Verizon’s Oath apps will be pre-loaded on Samsung Galaxy phones
The only thing I want pre-loaded on my phone is self-loathing.
Verizon, which apparently owns Oath, plans to force feed — er, delightfully include — four of Oath’s flagship apps on all Samsung Galaxy S9 and S9+ devices going forward. This would include Oath’s Newsroom app (read by dozens), Yahoo Sports (used for Fantasy football and little else), Yahoo Finance (my bank is the hollowed out skeleton of a llama that died from boredom) and Go90 mobile video apps (if you go 180 you won’t ever have to use these apps).
Oath’s chief executive officer Tim Armstrong, taking a break from playing online pool at MSN games told Reuters:
“The amount of content consumption on phones is continuing to skyrocket and I think brands and consumers want more high-quality content.”
Let me translate that for you. What he really said was, “these flagship brands are the internet equivalent of shoes you buy at Walmart. The only way to get you to wear them is to trick you into inserting them directly into your anus before leaving the store.”
One of the worst things about purchasing a new device, whether it be a laptop or a phone, is the pre-loaded bullshit software and apps that are already on there. With Verizon and other carriers, this tends to include a handful of apps you are unable to delete. It’s like your phone has digital herpes and the only solution is to apply the fucking salve and hope your next phone doesn’t catch it.
Yes, millions of people watch and consume entertainment on their mobile devices, that does not mean they want more apps that they didn’t choose to install, already on their phone ready to serve content and ads they certainly don’t want. Not a single person in this universe has ever, or will ever buy a phone while the words “I hope it has Yahoo Finance and Oath Go90 already pre-installed on it” slide out of their mouth like a pigeon regurgitating three full packs of cigarettes.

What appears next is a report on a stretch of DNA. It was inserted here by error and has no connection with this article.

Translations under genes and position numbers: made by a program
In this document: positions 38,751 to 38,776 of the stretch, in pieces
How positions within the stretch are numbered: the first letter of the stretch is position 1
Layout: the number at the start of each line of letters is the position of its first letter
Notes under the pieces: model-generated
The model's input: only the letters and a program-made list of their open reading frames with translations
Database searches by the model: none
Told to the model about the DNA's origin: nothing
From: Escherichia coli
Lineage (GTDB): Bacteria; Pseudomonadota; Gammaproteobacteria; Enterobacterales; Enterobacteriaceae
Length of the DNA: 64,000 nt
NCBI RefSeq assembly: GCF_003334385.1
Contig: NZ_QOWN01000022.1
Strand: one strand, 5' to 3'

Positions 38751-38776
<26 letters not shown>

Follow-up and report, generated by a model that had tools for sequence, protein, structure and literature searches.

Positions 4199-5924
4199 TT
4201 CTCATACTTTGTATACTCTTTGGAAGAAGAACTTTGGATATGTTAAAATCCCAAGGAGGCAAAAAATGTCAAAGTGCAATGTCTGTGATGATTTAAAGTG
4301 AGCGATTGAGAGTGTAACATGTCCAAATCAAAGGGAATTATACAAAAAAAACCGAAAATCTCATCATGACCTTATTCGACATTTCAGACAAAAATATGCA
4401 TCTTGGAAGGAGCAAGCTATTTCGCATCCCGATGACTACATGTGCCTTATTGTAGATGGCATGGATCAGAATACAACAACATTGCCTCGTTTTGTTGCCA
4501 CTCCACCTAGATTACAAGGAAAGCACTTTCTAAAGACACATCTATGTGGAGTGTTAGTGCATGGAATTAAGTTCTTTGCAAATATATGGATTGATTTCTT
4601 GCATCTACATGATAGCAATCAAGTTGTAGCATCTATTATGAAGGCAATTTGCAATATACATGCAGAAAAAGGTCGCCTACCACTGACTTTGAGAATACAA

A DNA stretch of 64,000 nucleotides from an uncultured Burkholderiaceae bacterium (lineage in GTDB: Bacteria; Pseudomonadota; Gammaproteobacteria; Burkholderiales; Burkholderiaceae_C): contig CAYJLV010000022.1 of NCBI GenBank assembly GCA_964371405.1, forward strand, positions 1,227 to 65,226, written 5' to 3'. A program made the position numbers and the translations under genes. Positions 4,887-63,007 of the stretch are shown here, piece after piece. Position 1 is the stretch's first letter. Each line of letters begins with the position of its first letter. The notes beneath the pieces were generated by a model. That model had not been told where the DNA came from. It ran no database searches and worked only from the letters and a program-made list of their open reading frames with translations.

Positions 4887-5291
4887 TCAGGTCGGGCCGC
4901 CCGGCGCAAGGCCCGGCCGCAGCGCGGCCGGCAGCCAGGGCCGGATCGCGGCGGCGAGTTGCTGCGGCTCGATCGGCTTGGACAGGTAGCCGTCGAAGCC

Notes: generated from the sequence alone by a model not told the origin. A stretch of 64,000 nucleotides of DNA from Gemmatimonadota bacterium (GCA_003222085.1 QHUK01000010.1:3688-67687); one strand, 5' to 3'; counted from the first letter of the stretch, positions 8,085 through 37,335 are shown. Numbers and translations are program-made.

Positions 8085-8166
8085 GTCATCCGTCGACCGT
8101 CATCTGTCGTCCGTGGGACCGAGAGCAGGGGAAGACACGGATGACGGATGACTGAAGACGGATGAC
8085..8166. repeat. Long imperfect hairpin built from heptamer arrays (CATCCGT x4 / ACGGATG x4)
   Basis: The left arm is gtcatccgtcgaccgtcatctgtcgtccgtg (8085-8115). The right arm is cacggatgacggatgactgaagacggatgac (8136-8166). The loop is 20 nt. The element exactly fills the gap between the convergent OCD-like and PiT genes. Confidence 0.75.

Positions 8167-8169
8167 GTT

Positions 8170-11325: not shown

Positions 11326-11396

This is the part that really spices my banana:
“This gets ads one step closer to being direct to consumer,” Armstrong said. “You can’t be more direct than being on the mobile phone home screen and app environment.”
This is the part of the set where Lewis Black loses control of his arms and hands. I paid for a fucking cellphone, I didn’t pay to be immediately advertised to. The only thing I want on my goddamn home screen is my Batman screen saver and the Tinder icon so I can both pretend I’m the Dark Knight and swipe left on slogging bleach-blonde alcoholics while I’m in the bathroom.
No one wants direct advertising on a phone they just paid cash money for. That’s like buying a pair of jeans that your roommate already wore to Burning Man, sans underpants. It’s like buying a new TV and the only channel is commercials and they are only those horribly under-budget local commercials with some round chin lawyer demanding you get in an accident so you can sue someone.
Look, Verizon, I get it. You bought Yahoo and merged it with AOL like a toddler with a handful of Play-Doh and a handful of dog shit. You now have to justify to investors and media buyers that this pile of pliable garbage has value. Samsung likes money so the deal makes sense for them. Smearing this Oath mixture all over home screens on new phones is an easy solution. That doesn’t mean consumers want to then put that fetid phone against their cheeks.